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  •     In recent East Hampton Town Justice Court adjudications, a number of driving-while-intoxicated cases and related offenses were disposed of.
        On May 3, Justice Lisa R. Rana accepted a guilty plea from James Selberg-Strauss, 20, of Sag Harbor, who had been arrested by East Hampton Town police in September and charged with operating a vehicle while under the influence of drugs and unlicensed driving, as well as several traffic infractions. Justice Rana sentenced him to a one-year license suspension and $995 in fines and court fees.

  •    Nights for parents of young and getting-to-be-not-so-young children can be complicated, and by the standards of those without progeny at home, the things we celebrate must seem a little weird. Take, for example, the case of one editorial staff member here who was positively giddy on Tuesday morning because both her toddlers slept all the way through to 6:30 a.m.

  •     A Suffolk Criminal Court judge sentenced Paul S. Apostolides, an Islip resident who is an owner of Paulie’s Tackle Shop in Montauk, on Friday to six months in jail on child pornography charges.
        Mr. Apostolides had pleaded guilty on April 12 to six counts in all — promoting a sexual performance by a child under 17 and possession of child pornography — in a case in which police provided few details.

  •    East Hampton Main Street will be strangely silent Monday morning. For a brief hour the hissing rumble of a three-day weekend’s traffic will cease as a modest line of veterans assemble to parade north toward Hook Mill and the war memorial.

  •    The new home of the Parrish Art Museum in Water Mill will open its doors for the first time on Saturday, Nov. 10, the museum announced this week.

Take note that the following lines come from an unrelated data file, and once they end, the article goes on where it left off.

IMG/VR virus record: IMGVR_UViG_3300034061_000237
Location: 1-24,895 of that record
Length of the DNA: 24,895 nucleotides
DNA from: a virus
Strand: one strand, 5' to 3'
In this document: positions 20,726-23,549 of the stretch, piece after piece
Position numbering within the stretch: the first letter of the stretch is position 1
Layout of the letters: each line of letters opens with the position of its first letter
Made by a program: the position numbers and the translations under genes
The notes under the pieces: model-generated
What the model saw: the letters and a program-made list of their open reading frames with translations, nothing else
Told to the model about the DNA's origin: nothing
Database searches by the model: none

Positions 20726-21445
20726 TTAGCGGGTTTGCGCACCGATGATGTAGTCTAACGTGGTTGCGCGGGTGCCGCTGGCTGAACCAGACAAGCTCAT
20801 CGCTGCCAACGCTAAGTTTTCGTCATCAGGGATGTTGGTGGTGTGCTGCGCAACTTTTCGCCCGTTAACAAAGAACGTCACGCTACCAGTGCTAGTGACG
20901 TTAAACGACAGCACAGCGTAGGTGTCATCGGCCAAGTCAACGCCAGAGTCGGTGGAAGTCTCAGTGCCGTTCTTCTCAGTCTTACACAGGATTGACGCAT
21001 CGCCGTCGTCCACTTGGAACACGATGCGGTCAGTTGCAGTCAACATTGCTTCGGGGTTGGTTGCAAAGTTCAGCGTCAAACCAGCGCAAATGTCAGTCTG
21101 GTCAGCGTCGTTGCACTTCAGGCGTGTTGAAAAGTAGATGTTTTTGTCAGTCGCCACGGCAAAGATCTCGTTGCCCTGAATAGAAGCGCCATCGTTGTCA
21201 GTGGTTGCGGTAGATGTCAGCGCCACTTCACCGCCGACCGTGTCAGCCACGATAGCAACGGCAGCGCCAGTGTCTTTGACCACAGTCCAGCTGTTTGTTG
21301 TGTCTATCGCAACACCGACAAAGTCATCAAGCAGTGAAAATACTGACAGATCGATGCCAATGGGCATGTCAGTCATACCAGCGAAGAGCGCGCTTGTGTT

•    This is the season in which the parents of grade-school children put entirely too many miles on their vehicles. There are year-end dance recitals, music and theater performances, sports league playoffs, and the like to ferry the younger set to and from. Lisa and I have been spending what seems like hours every afternoon tooling between Amagansett and points west with one or more children in the back seat.

  •    Readers of this column may remember that a few weeks back I wrote about our family’s ongoing scuffle over whether or not to buy an expensive pet pig. The battle lines had this columnist on the “no” side, Mom and one daughter on the “yes” side, our 7-year-old daughter on the “sounds okay to me” side, and the 2-year-old oblivious and looking for his finger paints.

  •    I had meant to close off the kitchen exhaust vent so the wrens could not get inside.
        About a month ago, while sitting in the living room at home, I was startled by a metallic thumping from somewhere within the walls. The racket, it turned out, came from a pair of what I think are Carolina wrens. They had begun stacking sticks inside an open vent louver on the exterior of the kitchen.

  •     One of the benefits of the very, very mild winter just past is that outdoor chores that would be still hanging over my head are more or less done.
        A couple of weekends ago, in fact, I pruned the grapes and brambles around the edge of the property and cut back branches along the driveway. This was well before the ticks were again afoot and the poison ivy had begun to grow.

  •    Out of the blue, our older daughter announced last week that she wanted a pig — sorely. This was not an ordinary pig, mind you, but some sort of supposed mini-breed she learned about on the Internet, which could be hers for $850, shipping from Indiana, or wherever, extra. I said no, of course, which set off a fit of wailing unprecedented for its length, if not for volume.

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